Se minkä Ilta-Sanomat jättää myös mainitsematta on ajankohta, jolloin pinta on laskenut. IS:ää lukemalla voisi tehdä johtopäätöksen, että pinnan lasku olisi jo pitkäaikainen ongelma; mutta ei: Kaspianmeren pinta nousi jyrkästi (13cm/vuosi) vuosina 1976-1996 – siis aikana, jolloin “ilmastonmuutoksen” piti jo ilmastomallien ennusten mukaan vaikuttaa. Mutta toisaalta kun katsotaan taaksepäin historiaan, on pinta laskenut jyrkästi 1930-luvulta vuoteen 1976 – aikana, jolloin ilmastonmuutoksen ei teorioiden mukaan vielä pitänyt vaikuttaa.

Kuva Tekniikan maailman artikkelista Kaspianmeren pinnan vaihteluista

Mutta entä vuoden 1996 jälkeen? Tällöin täytyy palata paikallisiin lämpötiloihin: Artikkelin mukaan haihdunta olisi lisääntynyt lämpötilanmuutoksen vuoksi. Eli lämpötilojen olisi pitänyt nousta, jotta väite olisi järkevällä pohjalla. Lämpötilojen mittaaminen onkin helpompaa kuin haihdunnan, joten katsotaan mitä mittarit näyttävät.

Kaspianmeren ympäristöstä löytyy useita mittausasemia, joilta on saatavissa pitkäaikainen mittaussarja. Data on saatavilla NASAn sivustoilta (2).

Asemat ovat:

Mitä edellisistä asemadatoista voidaan havaita? Ne eivät korreloi aikaisemmin esitettyjen Kaspianmeren pintamuutosten kanssa lainkaan. Yhdelläkään noista asemista ei löydy vuoden 1996 jälkeen lämpenemistä, eikä etenkään sellaista lämpenemistä, joka selittäisi näin suuret haihdunnan muutokset. Mikä tämän sitten selittää, jos eivät lämpötilat? Pilvisyysmuutokset sekä jokien virtaamien muutokset.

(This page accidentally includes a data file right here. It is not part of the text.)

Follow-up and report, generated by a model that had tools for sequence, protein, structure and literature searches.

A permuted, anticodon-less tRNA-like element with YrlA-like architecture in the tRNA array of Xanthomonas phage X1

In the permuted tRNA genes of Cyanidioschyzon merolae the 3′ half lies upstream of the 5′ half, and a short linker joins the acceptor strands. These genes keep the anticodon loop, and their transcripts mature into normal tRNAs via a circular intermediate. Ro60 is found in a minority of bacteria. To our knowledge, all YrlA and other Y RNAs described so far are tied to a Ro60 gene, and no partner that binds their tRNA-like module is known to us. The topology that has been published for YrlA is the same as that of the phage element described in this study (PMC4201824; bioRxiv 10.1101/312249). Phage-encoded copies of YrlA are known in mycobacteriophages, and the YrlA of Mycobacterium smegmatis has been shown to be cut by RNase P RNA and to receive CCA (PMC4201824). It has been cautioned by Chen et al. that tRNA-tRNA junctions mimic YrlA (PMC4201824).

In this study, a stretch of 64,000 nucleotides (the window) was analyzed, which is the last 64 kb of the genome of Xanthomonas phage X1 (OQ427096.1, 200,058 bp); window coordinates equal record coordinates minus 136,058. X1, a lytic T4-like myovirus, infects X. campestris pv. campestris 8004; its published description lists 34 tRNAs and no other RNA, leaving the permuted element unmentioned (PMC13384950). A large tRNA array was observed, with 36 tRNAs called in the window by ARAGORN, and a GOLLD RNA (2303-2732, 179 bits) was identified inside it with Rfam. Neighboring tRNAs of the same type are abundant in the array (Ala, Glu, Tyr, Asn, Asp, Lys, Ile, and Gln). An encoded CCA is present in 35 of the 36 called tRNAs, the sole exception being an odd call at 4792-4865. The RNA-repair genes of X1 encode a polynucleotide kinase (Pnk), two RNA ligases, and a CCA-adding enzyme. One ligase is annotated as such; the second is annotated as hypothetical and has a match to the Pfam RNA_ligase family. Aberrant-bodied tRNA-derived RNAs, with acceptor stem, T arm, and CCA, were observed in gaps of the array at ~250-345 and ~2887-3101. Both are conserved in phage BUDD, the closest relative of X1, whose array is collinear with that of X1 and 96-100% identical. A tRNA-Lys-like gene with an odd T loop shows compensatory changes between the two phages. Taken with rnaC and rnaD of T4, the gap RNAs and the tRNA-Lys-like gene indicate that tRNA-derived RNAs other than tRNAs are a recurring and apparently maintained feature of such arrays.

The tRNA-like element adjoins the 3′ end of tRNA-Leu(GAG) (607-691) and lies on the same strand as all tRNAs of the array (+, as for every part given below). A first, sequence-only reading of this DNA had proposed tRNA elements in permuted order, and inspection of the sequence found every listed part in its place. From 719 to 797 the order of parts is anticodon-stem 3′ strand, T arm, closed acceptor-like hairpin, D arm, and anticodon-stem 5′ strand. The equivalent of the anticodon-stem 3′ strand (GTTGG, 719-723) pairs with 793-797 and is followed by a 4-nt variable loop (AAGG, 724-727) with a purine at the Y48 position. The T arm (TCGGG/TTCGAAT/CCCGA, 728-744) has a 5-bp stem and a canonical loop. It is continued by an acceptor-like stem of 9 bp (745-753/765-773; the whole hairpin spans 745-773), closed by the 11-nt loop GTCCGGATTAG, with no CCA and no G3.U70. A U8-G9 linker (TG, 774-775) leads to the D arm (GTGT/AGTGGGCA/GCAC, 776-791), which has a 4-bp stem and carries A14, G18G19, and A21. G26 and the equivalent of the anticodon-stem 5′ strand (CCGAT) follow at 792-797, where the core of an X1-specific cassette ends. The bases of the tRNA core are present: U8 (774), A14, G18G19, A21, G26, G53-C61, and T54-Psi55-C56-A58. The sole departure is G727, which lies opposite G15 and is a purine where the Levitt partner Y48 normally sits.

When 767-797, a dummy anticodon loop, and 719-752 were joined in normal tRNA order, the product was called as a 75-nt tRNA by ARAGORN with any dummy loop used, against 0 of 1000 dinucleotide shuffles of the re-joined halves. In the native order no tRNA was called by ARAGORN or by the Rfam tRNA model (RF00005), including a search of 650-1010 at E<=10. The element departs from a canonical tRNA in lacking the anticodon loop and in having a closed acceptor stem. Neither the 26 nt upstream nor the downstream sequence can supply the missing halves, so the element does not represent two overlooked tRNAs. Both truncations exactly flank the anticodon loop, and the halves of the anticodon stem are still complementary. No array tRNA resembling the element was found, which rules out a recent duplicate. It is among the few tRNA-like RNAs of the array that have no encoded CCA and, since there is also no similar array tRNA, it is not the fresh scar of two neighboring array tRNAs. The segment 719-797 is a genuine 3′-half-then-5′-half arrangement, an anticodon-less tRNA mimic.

Tästä aiheesta löytyykin erittäin hyvä paperi Arpe et al 2013 (3). Tässä on käsitelty kattavasti eri tekijöitä ja mallinnettu kunkin osuus.

Kuvassa OBS tarkoittaa havaittua pinnanvaihtelua. VOon on arvioitu pinnanvaihtelu laskemalla pelkästää Volgan virtaamasta. V+CS esittää arviota Volgan virtaaman sekä lasketun haihdunnan vaikutuksesta. +UR lisää laskentaan Ural-joen ja +SW muut pienemmät joet.

Eli tämänkin mukaan suurin yksittäinen tekijä on Volga-joen virtaama. Haihdunnan muutokset seuraavana. Ja kun tätä Arten paperia lukee, niin suurin tekijä haihdunnan muutokseen on lyhytaaltoisen auringon säteilyn vaikutus – eli käytännössä pilvisyys.

Jos mennään lisäksi tarkastelemaan virtaamia, niin näihin vaikuttaa merkittävästi myös maanviljelyn kehitys. Aral-järven kohtalon tiedämme – ja tämä kohtalo ei ole seurausta ilmastonmuutoksesta vaan Aral-järveen laskevien vesien käyttäminen (lähinnä puuvillan) kasteluun. Ihmisen vaikutusta tämäkin, mutta aivan eri ongelma kuin ilmastonmuutos.

Faktojentarkistuksen näkökulmasta opimme seuraavaa:

  • Ilta-sanomat
    • Uutisoi aiheen 2 vuotta myöhässä ja kertomatta erittäin olennaiset ja taustoittavat faktat Kaspianmeren historiallisesta pinnanvaihtelusta
    • Johtaa lukijaa pahasti harhaan jättämällä mainitsematta artikkelin kirjoittajan arvion, että vain puolet pinnanvaihtelusta johtuu haihdunnan muutoksista
  • Itse paperi
    • Ei perustele miksi pilvisyys Kaspian meren päällä olisi muuttunut nimenomaan ilmastonmuutoksen vuoksi
    • Koska näin ei tehdä, ei mitään linkkiä ilmastonmuutokseen synny
    • Muut paperit liittävät tämä muutokset ENSO-muutoksiin

(1) Long‐term Caspian Sea level change – Chen – 2017 – Geophysical Research Letters

(2) https://data.giss.nasa.gov/gistemp/stdata/

(3) Arpe et al 2013: “Prediction of the Caspian Sea level using ECMWF seasonal forecasts and reanalysis”